2.1/A Regularly seeks and incorporates feedback to improve performance

3.1/A Demonstrates a balanced and accurate self-assessment of competence, using clinical outcomes to identify areas for continued improvement

4.1/A Demonstrates improvement in clinical practice based on continual self-assessment and evidence-based information

5.1/A, B Sustains practice of self-assessment and keeping up with relevant changes in medicine, and makes informed, evidence-based clinical decisions

1.2/A Recognizes limits of one’s knowledge and skills and seeks supervision

2.2/A Identifies self-directed learning goals and periodically reviews them with supervisory guidance

3.2/B Selects an appropriate, evidence-based information tool1 to meet self-identified learning goals

4.2/A Identifies and meets self-directed learning goals with little external guidance

5.2/B Teaches others techniques to efficiently incorporate evidence gathering into clinical workflow

1.3/B Describes and ranks levels of clinical evidence1

2.3/B Formulates a searchable question from

3.3/B Critically appraises different types of research, including randomized controlled trials (RCTs), systematic reviews, meta-analyses, and practice

4.3/A, B Demonstrates use of a system or process for keeping up with relevant changes in medicine2

5.3/B Independently teaches appraisal of clinical evidence

4.4/B Independently searches for and discriminates evidence relevant to clinical practice problems

(Expect performance at Level 5: “The resident has advanced beyond performance targets set for residency and is demonstrating “aspirational”


goals which might describe the performance of someone who has been in practice for several years. It is expected that only a few exceptional residents will reach this level.”)
1 Examples include: practice guidelines; PubMed Clinical Queries; Cochrane, DARE, or other evidence-based reviews; Up-to-Date, etc.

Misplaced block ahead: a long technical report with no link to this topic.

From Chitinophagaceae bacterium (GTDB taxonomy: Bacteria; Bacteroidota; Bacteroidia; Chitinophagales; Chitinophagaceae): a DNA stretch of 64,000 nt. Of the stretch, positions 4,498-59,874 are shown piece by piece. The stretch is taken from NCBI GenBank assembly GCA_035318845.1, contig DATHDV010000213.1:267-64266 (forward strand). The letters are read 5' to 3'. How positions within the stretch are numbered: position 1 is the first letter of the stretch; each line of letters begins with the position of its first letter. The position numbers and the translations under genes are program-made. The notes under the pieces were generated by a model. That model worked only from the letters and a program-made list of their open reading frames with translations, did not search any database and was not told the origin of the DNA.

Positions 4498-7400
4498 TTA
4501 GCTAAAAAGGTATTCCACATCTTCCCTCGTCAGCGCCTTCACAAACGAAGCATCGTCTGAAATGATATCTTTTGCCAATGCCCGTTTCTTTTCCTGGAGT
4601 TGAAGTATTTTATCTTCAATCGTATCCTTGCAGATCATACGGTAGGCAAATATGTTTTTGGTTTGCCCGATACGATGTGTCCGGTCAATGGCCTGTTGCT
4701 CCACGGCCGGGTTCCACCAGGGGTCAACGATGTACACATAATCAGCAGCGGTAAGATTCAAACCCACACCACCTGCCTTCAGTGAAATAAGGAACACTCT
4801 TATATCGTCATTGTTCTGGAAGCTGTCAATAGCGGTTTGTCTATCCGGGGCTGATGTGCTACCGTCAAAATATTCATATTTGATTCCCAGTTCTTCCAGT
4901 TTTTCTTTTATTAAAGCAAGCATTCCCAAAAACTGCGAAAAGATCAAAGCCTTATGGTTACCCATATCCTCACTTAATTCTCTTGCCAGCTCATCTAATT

2 Examples include: a performance-in-practice (PIP) module as included in the American Board of Psychiatry and Neurology (ABPN) Maintenance of Certification (MOC) process; or regular and structured readings of specific evidence sources.


PBLI3 Teaching
Threads: A: Development as a teacher; B: Observable teaching skills

Has not Achieved Level 1

Level 1

Level 2

Level 3

Level 4

Level 5

1.1/A Recognizes role of physician as teacher

2.1/A Assumes a role in the clinical teaching of early learners

3.1/A Participates in activities designed to develop and improve teaching skills

4.1/A Gives formal didactic presentation to groups (e.g., grand rounds, case conference, journal club)

5.1/A Educates broader professional community and/or public (e.g., presents at regional or national meeting)

2.2/B Communicates goals and objectives for instruction of early learners

3.2/B Organizes content and methods for individual instruction for early learners

4.2/B Effectively uses feedback on teaching to improve teaching methods and approaches

5.2/B Organizes and develops curriculum materials

2.3/B Evaluates and provides feedback to early learners

(Expect performance at Level 5: “The resident has advanced beyond performance targets set for residency and is demonstrating “aspirational” goals which might describe the performance of someone who has been in practice for several years. It is expected that only a few exceptional residents will reach this level.”)